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Nine IDF soldiers killed on Jan. 8 in Gaza

JERUSALEM — Nine Israeli soldiers were killed, including six in one incident, during fighting in Gaza on Jan. 8 as Israel announced a new phase that officials said would be more targeted.

Sgt. First Class (res.) David Schwartz

One of the fallen soldiers was Sgt. First Class (res.) David Schwartz, nephew-in-law of Rabbi Marc and Sarah Gitler of Denver.

The 26-year-old was from West Bank community of Elazar and part of the 8219th Battalion, Combat Engineering Corps.

He was killed in southern Gaza.

The announcement came as Secretary of State Antony Blinken arrived in Israel for the fourth time since Oct. 7, when Hamas initiated the war by invading Israel.

Blinken’s aims include pressing Israel to limit additional civilian casualties in Gaza and to dial down tensions on the northern border, where Hezbollah has been firing volley at Israel since Oct. 7. Israel has responded.

Blinken and Israel both say they want to avoid a wider war with Hezbollah.

Meanwhile, the situation is untenable for Israel the rocket fire from Hezbollah has displaced hundreds of thousands of citizens from northern Israel.

A Hezbollah drone reportedly reached an IDF base in Safed on Jan. 9, while Israel reportedly killed three alleged Hezbollah terrorists inside Lebanon.

There were also casualties reported after a strike at the funeral of a slain Hezbollah commander, whom an Israeli minister said on Monday that Israel had killed.

Another senior Hezbollah commander was killed on Tuesday, Jan. 9.

Monday, Jan. 8, marked one of the deadliest days for Israeli troops since the ground invasion of Gaza began in October.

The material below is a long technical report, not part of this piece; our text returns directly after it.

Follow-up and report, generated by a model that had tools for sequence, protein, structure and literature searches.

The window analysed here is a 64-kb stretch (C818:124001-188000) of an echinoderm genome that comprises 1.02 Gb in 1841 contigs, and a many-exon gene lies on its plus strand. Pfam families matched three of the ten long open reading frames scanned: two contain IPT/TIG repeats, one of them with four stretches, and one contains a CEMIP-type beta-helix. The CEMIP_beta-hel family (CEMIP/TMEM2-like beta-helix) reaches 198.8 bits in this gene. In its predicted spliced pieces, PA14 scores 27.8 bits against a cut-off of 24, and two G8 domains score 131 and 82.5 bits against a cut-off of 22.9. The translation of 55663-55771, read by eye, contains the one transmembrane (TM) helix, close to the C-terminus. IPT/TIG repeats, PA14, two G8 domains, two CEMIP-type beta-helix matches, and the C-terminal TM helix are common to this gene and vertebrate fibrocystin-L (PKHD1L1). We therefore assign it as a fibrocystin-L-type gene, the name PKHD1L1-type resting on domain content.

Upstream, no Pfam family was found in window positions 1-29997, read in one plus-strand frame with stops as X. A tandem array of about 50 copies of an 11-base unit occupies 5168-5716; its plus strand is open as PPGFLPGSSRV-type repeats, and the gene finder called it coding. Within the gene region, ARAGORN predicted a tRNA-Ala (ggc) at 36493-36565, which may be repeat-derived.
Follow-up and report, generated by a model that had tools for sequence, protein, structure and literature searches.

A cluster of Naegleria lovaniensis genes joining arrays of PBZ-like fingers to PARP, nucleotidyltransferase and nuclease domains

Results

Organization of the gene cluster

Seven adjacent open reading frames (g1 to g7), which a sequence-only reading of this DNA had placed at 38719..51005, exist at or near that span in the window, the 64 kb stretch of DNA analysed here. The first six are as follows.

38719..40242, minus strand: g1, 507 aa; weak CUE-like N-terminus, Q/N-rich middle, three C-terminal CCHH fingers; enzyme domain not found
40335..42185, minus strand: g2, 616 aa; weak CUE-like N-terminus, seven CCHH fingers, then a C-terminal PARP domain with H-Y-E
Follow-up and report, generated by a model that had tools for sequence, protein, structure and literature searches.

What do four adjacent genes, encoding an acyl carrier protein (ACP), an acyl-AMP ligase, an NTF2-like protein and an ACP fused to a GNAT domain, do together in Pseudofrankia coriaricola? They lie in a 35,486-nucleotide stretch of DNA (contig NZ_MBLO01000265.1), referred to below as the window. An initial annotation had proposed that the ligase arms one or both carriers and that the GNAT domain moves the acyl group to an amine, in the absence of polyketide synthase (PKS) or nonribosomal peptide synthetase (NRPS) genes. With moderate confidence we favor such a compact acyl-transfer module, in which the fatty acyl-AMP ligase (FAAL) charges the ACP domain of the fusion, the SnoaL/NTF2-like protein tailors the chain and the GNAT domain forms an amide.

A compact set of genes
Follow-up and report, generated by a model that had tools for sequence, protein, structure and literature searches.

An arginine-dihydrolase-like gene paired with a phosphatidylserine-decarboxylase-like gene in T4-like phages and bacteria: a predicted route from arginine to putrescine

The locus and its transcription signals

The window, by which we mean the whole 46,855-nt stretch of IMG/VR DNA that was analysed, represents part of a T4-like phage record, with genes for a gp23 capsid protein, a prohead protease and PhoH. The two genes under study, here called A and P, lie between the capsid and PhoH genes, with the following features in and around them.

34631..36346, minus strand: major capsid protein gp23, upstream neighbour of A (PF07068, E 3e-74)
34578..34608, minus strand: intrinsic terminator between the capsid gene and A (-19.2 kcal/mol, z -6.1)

Israeli explosives meant to demolish a Hamas underground installation detonated unintentionally, and the explosion killed six members of an elite reserves brigade.

The Israeli military is investigating the incident.

Among the dead were two study partners from a West Bank yeshiva whose funerals were scheduled for the same time on Jan. 9 and an American-born soldier who moved to Israel with his family.

Among the additional soldiers seriously wounded was Idan Amedi, a popular singer and actor whose credits include the hit TV show “Fauda.”

Amedi was recovering from his injuries, according to a tweet from Avi Issacharoff, the creator of the TV series about Israeli soldiers battling Palestinian terrorists.

The latest casualties bring the military death toll in Gaza to 185, in addition to the hundreds of soldiers killed during Hamas’ attack on Oct. 7, when about 1,200 Israelis were killed.

More than 130 Israelis are estimated to remain hostage in Gaza, with Israeli officials signaling that some are held close to Yahya Sinwar, Hamas’ chief in the territory.

According to the Hamas-run Gaza health ministry, 23,000 people have been killed in the territory during the war. The ministry does not differentiate between civilians and combatants. Nor does it identify women and children who are armed combatants.

Most of Gaza’s two million residents are displaced, with food scarce and disease spreading, even as the ultimate destination of humanitarian aid is unknown.

The situation has led the Biden administration, which has staunchly defended Israel’s right to defend itself, to press for changes in the war.

After President Joe Biden was heckled by an antiwar protester during an appearance in South Carolina on Jan. 8, he emphasized that he was pressing Israel to scale back its offensive.

“I understand their passion, and I’ve been quietly working with the Israeli government to get them to reduce and significantly get out of Gaza,” Biden said.

Also on Jan. 8, Americans for Peace Now called for a ceasefire.



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